Humanizing LIS Education and Practice: Diversity by Design demonstrates that diversity concerns are relevant to all and need to be approached in a systematic way. Developing the Diversity by Design concept articulated by Dali and Caidi in 2017, the book promotes the notion of the diversity mindset.
Grouped into three parts, the chapters within this volume have been written by an international team of seasoned academics and practitioners who make diversity integral to their professional and scholarly activities. Building on the Diversity by Design approach, the book presents case studies with practice models for two primary audiences: LIS educators and LIS practitioners. Chapters cover a range of issues, including, but not limited to, academic promotion and tenure; the decolonization of LIS education; engaging Indigenous and multicultural communities; librarians’ professional development in diversity and social justice; and the decolonization of library access practices and policies. As a collection, the book illustrates a systems-thinking approach to fostering diversity and inclusion in LIS, integrating it by design into the LIS curriculum and professional practice.
Calling on individuals, organizations, policymakers, and LIS educators to make diversity integral to their daily activities and curriculum, Humanizing LIS Education and Practice: Diversity by Design will be of interest to anyone engaged in research and professional practice in Library and Information Science.
Table of Contents
Introduction: Looking Beyond the "Us Versus Them" and Retrofitting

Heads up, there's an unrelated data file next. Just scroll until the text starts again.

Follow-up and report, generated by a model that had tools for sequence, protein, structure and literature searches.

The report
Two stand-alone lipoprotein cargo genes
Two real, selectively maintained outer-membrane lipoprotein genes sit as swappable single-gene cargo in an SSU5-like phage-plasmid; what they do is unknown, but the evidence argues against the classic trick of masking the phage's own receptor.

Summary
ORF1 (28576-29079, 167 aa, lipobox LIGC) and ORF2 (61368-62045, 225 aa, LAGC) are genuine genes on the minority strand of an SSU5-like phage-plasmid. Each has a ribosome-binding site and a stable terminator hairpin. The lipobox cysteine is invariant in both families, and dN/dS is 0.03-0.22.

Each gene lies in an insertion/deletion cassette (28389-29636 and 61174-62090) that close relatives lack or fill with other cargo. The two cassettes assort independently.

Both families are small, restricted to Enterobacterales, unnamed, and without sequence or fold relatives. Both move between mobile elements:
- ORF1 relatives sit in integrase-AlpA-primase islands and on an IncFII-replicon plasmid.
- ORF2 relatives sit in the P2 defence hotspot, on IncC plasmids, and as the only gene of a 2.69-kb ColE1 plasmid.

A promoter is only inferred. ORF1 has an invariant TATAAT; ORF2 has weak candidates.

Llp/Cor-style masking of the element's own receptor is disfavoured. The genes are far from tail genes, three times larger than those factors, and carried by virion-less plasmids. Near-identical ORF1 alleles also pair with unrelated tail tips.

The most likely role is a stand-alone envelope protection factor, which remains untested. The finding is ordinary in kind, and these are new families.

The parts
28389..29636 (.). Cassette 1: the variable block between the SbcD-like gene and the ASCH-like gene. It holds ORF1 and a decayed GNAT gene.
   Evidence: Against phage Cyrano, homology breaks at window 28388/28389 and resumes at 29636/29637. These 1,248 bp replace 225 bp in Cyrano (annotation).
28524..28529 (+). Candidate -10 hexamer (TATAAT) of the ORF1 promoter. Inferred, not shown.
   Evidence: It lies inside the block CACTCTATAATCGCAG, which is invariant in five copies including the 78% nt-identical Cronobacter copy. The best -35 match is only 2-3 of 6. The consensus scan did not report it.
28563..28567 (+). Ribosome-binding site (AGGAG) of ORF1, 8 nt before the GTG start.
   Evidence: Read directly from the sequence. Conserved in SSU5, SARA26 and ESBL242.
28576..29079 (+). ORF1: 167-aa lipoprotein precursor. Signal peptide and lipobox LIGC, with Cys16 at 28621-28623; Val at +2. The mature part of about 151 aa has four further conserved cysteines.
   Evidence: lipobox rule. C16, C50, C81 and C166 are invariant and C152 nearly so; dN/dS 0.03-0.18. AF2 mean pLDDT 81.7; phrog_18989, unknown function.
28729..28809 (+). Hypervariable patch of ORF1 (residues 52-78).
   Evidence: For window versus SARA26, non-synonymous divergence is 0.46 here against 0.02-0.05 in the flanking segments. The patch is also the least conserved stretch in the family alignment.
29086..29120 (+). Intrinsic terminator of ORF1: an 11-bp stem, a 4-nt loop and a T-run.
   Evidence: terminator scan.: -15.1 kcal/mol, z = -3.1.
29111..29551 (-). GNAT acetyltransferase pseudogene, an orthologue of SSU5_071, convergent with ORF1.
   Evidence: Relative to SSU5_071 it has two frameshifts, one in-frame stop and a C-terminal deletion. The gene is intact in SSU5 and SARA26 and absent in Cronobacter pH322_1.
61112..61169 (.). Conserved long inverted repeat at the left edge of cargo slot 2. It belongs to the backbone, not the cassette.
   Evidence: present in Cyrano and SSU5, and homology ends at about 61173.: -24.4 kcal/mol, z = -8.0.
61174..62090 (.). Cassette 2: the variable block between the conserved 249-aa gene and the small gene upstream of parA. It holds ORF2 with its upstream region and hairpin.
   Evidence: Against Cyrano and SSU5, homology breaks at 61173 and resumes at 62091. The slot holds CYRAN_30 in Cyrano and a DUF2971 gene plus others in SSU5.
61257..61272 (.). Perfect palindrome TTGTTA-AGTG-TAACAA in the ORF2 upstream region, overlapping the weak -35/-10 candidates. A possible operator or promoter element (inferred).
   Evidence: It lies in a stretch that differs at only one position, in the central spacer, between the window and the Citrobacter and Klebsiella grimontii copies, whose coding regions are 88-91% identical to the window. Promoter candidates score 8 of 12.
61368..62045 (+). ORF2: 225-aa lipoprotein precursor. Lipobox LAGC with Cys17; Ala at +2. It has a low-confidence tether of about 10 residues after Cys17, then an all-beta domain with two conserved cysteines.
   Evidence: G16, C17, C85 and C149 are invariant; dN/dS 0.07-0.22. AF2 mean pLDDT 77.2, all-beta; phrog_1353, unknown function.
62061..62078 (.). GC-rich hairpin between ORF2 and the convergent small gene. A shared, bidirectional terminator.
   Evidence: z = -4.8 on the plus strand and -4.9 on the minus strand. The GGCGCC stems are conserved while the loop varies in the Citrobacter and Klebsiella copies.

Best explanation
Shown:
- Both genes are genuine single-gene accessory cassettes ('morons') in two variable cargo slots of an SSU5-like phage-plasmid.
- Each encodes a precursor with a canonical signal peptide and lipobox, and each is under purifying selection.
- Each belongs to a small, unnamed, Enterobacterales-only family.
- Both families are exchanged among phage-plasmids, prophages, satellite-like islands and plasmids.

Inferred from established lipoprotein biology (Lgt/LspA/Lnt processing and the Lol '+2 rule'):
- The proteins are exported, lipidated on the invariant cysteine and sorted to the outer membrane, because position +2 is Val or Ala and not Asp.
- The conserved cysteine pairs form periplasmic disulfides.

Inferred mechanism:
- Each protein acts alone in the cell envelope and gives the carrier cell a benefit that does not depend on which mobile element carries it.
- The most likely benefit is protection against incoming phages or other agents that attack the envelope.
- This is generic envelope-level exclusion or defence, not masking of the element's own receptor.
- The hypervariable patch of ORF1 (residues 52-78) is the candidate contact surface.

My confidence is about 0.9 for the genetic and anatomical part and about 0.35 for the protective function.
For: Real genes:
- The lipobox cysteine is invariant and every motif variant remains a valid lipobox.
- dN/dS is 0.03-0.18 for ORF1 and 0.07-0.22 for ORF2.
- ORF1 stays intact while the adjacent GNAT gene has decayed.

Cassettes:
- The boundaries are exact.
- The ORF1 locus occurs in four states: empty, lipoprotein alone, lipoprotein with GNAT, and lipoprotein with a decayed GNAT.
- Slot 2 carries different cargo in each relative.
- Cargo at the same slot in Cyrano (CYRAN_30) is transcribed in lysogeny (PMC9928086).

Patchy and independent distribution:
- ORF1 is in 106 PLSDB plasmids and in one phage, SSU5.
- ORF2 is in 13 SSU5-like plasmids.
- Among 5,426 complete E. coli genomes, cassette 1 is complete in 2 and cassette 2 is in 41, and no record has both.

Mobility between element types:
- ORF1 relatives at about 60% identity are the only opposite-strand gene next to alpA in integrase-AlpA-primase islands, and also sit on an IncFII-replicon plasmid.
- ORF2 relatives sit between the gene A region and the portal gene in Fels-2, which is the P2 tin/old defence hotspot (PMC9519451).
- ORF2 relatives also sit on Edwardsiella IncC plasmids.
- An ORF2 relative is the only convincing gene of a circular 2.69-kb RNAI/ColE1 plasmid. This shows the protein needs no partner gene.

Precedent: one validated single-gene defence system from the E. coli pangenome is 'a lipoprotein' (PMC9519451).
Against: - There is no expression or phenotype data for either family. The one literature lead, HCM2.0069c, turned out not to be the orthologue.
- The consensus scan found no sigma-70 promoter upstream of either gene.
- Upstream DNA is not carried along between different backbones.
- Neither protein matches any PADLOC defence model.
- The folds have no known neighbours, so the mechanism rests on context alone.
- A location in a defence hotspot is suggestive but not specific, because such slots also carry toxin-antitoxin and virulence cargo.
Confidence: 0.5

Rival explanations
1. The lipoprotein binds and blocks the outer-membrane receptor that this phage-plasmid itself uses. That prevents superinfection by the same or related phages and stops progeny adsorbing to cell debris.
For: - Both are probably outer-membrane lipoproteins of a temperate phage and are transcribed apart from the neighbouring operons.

Keren Dali and Nadia Caidi
Part I. Diversity by Design: Evolution and Applications
1. Diversity by Design
Keren Dali and Nadia Caidi
2. Can we talk? Perceptions of Diversity Issues by Students with Diverse Backgrounds and a Rumination on Personal Roads to Systemic Change
Nadia Caidi and Keren Dali
Part II. Diversity by Design in Library and Information Science Education
3. Making the Diversity, Equity, and Inclusion Mindset Indispensable in the LIS Classroom Through Design, Content, Communication, and Assessment
Kim M. Thompson and Clayton A. Copeland
4. Prioritizing Diversity in Library and Information Science (LIS) Education
Clara M. Chu and Jaya Raju
5. Designing for a Diverse Classroom
6. Overcoming Interrelated Challenges to "Diversity by Design" in the LIS Tenure and Promotion Process in the American Academy
Part III. Diversity by Design in Library and Information Science Practice
7. Accessible by Design: Creating an Equitable Reading Landscape
Laurie Davidson, Kimberly Johnson and Daniella Levy-Pinto
8. Professional Development in Diversity, Equity, and Inclusion: From Add-On to "Separate, But Equal" to Diversity by Design
9. Library Publishing for an Inclusive Education
Reggie Raju, Jill Claassen and Lena Nyahodza
10. Academic Library Initiatives "For the Public Good": Diversity by Design or Retrofitting?
Sharon Farnel, Anne Carr-Wiggin, Kayla Lar-Son and Kathleen De Long
Keren Dali is an award-winning Library and Information Science (LIS) researcher and a faculty member at the University of Denver, USA; her research and teaching focus on diversity, equity, and inclusion; disabilities and workplace; the intersection of social work and LIS; reading practices of adults; and immigration.